More planes heading for Suffolk skies

HUNDREDS more planes will soon be soaring across Suffolk's skies with moves to use the county as an overflow holding stack, it was confirmed today.The National Air Traffic Services plan to utilise the air space to cope with increasing demand.

HUNDREDS more planes will soon be soaring across Suffolk's skies with moves to use the county as an overflow holding stack, it was confirmed today.

The National Air Traffic Services plan to utilise the air space to cope with increasing demand.

The move, first revealed by the Evening Star in November, will see an increased build-up of traffic in the Witnesham and Henley areas.

Local MP Sir Michael Lord received replies from the aviation bodies after he was alerted to the plans by the Star.

"I have noted what they say and while they do seem to be trying to keep disruption to my constituents to a minimum, it is certainly something that needs to be monitored in the future," he said today.

Richard Everitt, of National Air Traffic Services (NATS), said plans to increase capacity in the region are to "minimise the inevitable effect of increasing delays on civil air transport operators".

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He added: "Without attempting to ease this affect by increasing the capacity of the region, any delays suffered by NATS' commercial customers and their passengers will inevitably increase in line with growth in demand."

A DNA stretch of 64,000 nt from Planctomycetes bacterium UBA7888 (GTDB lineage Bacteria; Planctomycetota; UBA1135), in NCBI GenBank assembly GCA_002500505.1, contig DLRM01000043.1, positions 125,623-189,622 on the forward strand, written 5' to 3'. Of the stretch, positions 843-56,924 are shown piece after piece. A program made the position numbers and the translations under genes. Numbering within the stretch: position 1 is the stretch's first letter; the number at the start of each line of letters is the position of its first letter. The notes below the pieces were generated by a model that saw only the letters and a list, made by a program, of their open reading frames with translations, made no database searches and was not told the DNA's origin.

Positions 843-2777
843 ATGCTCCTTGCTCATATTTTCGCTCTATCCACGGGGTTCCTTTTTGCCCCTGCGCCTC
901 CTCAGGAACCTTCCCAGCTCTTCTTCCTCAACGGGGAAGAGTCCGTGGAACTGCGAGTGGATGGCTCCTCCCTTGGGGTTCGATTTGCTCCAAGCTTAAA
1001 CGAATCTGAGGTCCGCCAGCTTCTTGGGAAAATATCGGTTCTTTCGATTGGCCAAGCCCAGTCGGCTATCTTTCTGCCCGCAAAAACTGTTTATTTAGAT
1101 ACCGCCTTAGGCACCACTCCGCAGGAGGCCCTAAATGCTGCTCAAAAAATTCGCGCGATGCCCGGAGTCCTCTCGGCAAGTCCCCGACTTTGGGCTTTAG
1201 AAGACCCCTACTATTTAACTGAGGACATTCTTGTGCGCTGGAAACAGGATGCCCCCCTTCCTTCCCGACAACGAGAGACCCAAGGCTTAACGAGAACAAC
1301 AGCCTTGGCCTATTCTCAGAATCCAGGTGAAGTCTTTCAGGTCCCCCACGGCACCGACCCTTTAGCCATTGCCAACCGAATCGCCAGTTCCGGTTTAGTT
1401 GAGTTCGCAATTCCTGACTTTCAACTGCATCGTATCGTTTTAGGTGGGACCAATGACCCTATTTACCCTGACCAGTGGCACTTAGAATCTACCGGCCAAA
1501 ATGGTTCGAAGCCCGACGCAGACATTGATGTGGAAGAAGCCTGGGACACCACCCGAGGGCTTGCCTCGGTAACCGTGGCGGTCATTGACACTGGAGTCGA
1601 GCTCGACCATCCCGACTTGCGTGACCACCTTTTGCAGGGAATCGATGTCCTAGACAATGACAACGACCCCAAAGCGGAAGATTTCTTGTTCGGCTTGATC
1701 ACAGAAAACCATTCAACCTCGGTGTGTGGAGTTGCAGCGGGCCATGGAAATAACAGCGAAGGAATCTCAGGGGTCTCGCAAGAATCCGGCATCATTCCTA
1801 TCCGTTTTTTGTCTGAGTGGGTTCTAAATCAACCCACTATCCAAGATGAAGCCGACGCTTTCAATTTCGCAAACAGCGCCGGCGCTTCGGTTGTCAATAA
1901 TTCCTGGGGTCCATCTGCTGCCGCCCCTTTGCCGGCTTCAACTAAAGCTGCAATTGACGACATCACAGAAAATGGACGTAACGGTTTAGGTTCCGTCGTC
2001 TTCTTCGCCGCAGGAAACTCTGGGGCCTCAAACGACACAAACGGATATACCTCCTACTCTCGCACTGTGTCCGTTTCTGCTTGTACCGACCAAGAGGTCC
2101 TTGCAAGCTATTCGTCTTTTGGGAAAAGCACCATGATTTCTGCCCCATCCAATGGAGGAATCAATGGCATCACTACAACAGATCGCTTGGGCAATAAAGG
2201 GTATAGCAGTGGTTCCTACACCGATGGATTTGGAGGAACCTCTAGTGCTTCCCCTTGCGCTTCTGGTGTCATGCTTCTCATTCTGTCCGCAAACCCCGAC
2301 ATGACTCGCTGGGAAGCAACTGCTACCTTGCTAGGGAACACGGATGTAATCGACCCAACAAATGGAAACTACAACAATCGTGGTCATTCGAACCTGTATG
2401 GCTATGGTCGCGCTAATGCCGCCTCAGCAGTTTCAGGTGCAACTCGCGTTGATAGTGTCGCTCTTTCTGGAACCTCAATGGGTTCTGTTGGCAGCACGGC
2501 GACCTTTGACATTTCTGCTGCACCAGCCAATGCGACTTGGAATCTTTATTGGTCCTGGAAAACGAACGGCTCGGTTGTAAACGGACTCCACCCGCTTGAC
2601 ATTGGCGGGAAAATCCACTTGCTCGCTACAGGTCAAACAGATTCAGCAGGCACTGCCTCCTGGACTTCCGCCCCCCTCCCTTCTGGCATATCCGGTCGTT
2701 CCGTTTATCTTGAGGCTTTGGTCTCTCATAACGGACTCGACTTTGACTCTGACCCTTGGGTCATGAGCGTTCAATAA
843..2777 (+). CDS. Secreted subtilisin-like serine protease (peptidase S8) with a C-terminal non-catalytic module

The new overload hold, Lapra, is part of the Romeo 77 corridor, which has been dubbed the A14 of the sky.

Mr Everitt stressed Lapra would only be utilised during "peak times", as an overflow stacking space for planes heading for the Stansted and Luton airports.

But with moves to add extra runways at Stansted Airport already unveiled, demand on the county's airspace is likely to greatly increase in the next few years.

And increasing air traffic linked to the rapidly-expanding airports in the Midlands is also likely to be diverted over the county, between Southwold and Kettering.

Sir Roy McNulty, chairman of the Civil Aviation Authority, said there is no need for planning permission to fly new routes.

He added systems are in place to ensure any "overload" is avoided.

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